The demand for tigers was always high ever since the Western world started its dominance. One aspect was that ‘explorers’ wanted to show the home front trophies. What better trophy to display dominance than showing a caged tiger – the king of the jungle? At first tigers only were shown in private zoos, but ‘open’ zoos and circuses appeared quite fast. That was the start of a global exploitation of tigers.
But not only the European countries and America had a demand for tigers.
King Edward VIII of the United Kingdom, then the Prince of Wales, on a tiger hunt in Bengal, India in 1922.
China used to have respect for tigers until Mao Zedong took over. Under his spell almost all tigers in China disappeared. There were two reasons for this. One is that the tiger obstructed progress in agricultural growth as part of his ‘great leap forward’ so hunters got permission (and bonuses) to shoot tigers. Reason number two is that Mao not only had a red book for his ‘great leap forward’ but also for the well being of the Chinese people, despite of all the cruelty he brought. He knew there were not enough doctors to help people to remain fit to help with the economic growth. So he ordered that all ailments and diseases were documented in another red book – but not only that. All solutions, medical or not and proven or not, were also documented. It didn’t matter whether the solution worked or not because the placebo effect already helped more than the absence of a doctor could.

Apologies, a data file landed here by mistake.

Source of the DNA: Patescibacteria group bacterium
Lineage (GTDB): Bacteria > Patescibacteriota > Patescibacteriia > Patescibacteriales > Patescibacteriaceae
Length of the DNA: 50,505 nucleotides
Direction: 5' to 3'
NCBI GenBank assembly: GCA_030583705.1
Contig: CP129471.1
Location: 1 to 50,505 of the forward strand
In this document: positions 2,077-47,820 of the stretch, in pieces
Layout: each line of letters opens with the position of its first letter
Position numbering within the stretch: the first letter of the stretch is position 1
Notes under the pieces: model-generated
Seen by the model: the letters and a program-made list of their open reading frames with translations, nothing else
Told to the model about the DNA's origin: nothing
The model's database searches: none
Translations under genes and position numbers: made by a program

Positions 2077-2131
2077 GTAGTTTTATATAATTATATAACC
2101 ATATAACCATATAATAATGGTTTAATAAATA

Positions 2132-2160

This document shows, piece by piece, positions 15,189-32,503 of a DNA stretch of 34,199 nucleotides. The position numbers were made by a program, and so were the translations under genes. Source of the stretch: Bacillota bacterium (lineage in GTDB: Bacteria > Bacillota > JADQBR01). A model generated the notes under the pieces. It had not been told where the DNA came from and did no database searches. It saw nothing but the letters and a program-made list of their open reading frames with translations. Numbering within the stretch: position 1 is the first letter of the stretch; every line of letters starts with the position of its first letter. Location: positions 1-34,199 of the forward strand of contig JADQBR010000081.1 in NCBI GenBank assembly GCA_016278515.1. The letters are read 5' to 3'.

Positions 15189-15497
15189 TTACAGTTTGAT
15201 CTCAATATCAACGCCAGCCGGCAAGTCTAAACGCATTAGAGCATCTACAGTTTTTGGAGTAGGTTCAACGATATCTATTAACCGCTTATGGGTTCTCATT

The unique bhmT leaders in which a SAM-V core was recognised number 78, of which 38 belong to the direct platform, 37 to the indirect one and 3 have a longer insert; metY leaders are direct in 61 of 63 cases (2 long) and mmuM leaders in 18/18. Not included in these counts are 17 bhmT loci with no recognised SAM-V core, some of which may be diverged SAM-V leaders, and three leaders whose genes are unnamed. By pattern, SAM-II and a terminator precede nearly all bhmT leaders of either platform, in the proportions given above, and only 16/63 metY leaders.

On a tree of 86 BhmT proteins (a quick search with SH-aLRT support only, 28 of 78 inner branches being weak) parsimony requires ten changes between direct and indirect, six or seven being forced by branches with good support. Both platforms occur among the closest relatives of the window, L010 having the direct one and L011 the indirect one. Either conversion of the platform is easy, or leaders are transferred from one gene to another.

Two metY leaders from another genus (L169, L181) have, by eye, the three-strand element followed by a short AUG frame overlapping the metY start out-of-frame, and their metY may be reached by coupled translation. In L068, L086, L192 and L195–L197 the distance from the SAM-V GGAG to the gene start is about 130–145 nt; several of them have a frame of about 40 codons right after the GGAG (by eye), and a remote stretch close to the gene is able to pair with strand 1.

It is no surprise that ‘medications’ from iconic animals were an important part of the offered solutions. The appearance of that other red book also introduced the term ‘Traditional Chinese Medicine’ or TCM. Curing diseases with pills, lotions and wine made of wild animals became an institution within China. From that moment on wild, iconic animals in China were outlawed and disappeared quickly in China. Tigers were the number one targets, because of all the myth around it. But they disappeared not only in China; in all neighbouring countries the same thing happened.